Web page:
- Marshall Yarbrough
Nominees for the 35th annual Banff World Media Festival Rockie Awards were announced today, honoring excellence in television and media content from around the globe. Nominees in the Serial Drama category, which is currently a shortlist of 25 entries, will be notified in the next two weeks. Winners in each category will be announced during an awards ceremony at the festival, which takes place June 8-11 in the resort mountain town of Banff, Alberta.
“Legend of Korra”
Produced By: Nickelodeon
Country: United States of America
“Plankton Invasion – Operation Total Block”
Produced By: TeamTO
In Association With: Tinkertree, Vivi Film
Network: Canal+ Family
“Robocar Poli the Second Season”
Produced By: Roi Visual Co., Ltd
Country: South Korea
Produced By: Hulu / Broadway Video
Country: United States of America
Produced By: Giant Ant
In Association With: Shane Koyczan
Network: Youtube »
- Malina Saval
A consummate musical chameleon, David Bowie has done it all: folk, soul, rock, blues and a modern pop, to name a few. The same can be said about his acting career. Drew Morton put together this great montage focusing on David Bowie’s filmography, and the various strange but always memorable characters he’s played. It includes clips from The Prestige, The Man who Fell To Earth, Labyrinth, Into the Night, Zoolander, The Hunger, and yes, that blink-your-eyes-and-you’ll-miss-it cameo in Twin Peaks Fire Walk with Me.
David Bowie: On Film from Drew Morton on Vimeo.
The post Video of the Day: David Bowie On Film appeared first on Sound On Sight. »
“There were a lot of people under 40 going. ‘Who the hell’s that spiky-haired little guy up there accepting that award’,” joked legendary songwriter Paul Williams about his winning this January’s Grammy for album of the year for his work on Daft Punk’s “Random Access Memories.” That’s someone who got nominated for his first Grammy in 1972, that’s who. At 73, Williams, who is also president of performing rights organization Ascap, remains extremely busy. He and composer Gustavo Santaolalla are writing a musical version of Guillermo del Toro’s 2006 film “Pan’s Labyrinth” for the stage. “I think the essence of any good story telling is a good story and Guillermo del Toro’s story is a brilliant story… I think this is wonderful edgy adult fairy tale. It will be heavy with effects, the Broadway version thereof, but it’s a story that I think can be »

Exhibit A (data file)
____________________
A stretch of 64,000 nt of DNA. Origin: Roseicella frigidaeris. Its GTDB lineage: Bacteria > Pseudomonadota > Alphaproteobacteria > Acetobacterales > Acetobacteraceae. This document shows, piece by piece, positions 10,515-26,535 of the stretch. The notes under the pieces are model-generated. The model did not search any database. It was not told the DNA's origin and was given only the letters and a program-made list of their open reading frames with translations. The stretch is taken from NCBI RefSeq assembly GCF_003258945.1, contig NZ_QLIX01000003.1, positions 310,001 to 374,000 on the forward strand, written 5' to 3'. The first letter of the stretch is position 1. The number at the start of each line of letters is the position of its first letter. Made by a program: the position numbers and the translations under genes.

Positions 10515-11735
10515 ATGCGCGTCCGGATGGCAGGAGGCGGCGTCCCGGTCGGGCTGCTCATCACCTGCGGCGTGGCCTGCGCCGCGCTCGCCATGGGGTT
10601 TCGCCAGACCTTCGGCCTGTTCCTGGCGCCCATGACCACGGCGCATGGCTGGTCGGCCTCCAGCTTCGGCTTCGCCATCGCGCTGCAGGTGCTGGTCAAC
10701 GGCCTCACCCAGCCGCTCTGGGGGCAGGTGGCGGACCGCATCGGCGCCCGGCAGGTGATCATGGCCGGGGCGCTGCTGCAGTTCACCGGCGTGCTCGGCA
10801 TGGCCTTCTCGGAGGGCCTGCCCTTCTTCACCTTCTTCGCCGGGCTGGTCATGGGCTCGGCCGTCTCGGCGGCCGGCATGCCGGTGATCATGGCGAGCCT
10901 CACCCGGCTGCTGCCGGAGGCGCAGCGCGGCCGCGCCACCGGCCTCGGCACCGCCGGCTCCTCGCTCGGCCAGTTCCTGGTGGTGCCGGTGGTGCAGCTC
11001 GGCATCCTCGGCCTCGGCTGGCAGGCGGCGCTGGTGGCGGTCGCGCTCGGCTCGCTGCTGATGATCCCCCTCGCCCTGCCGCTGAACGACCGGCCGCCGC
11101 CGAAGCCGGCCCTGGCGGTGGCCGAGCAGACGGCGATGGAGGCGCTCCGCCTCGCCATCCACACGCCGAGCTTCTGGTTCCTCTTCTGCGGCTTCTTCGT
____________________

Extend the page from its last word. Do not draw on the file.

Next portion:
For years, Jim Henson’s Creature Shop has given life to the iconic puppets and creatures in your favorite children’s shows (Sesame Street), sci-fi/fantasy movies (Labyrinth), and other endlessly-rewound projects (basically, anything with the Muppets).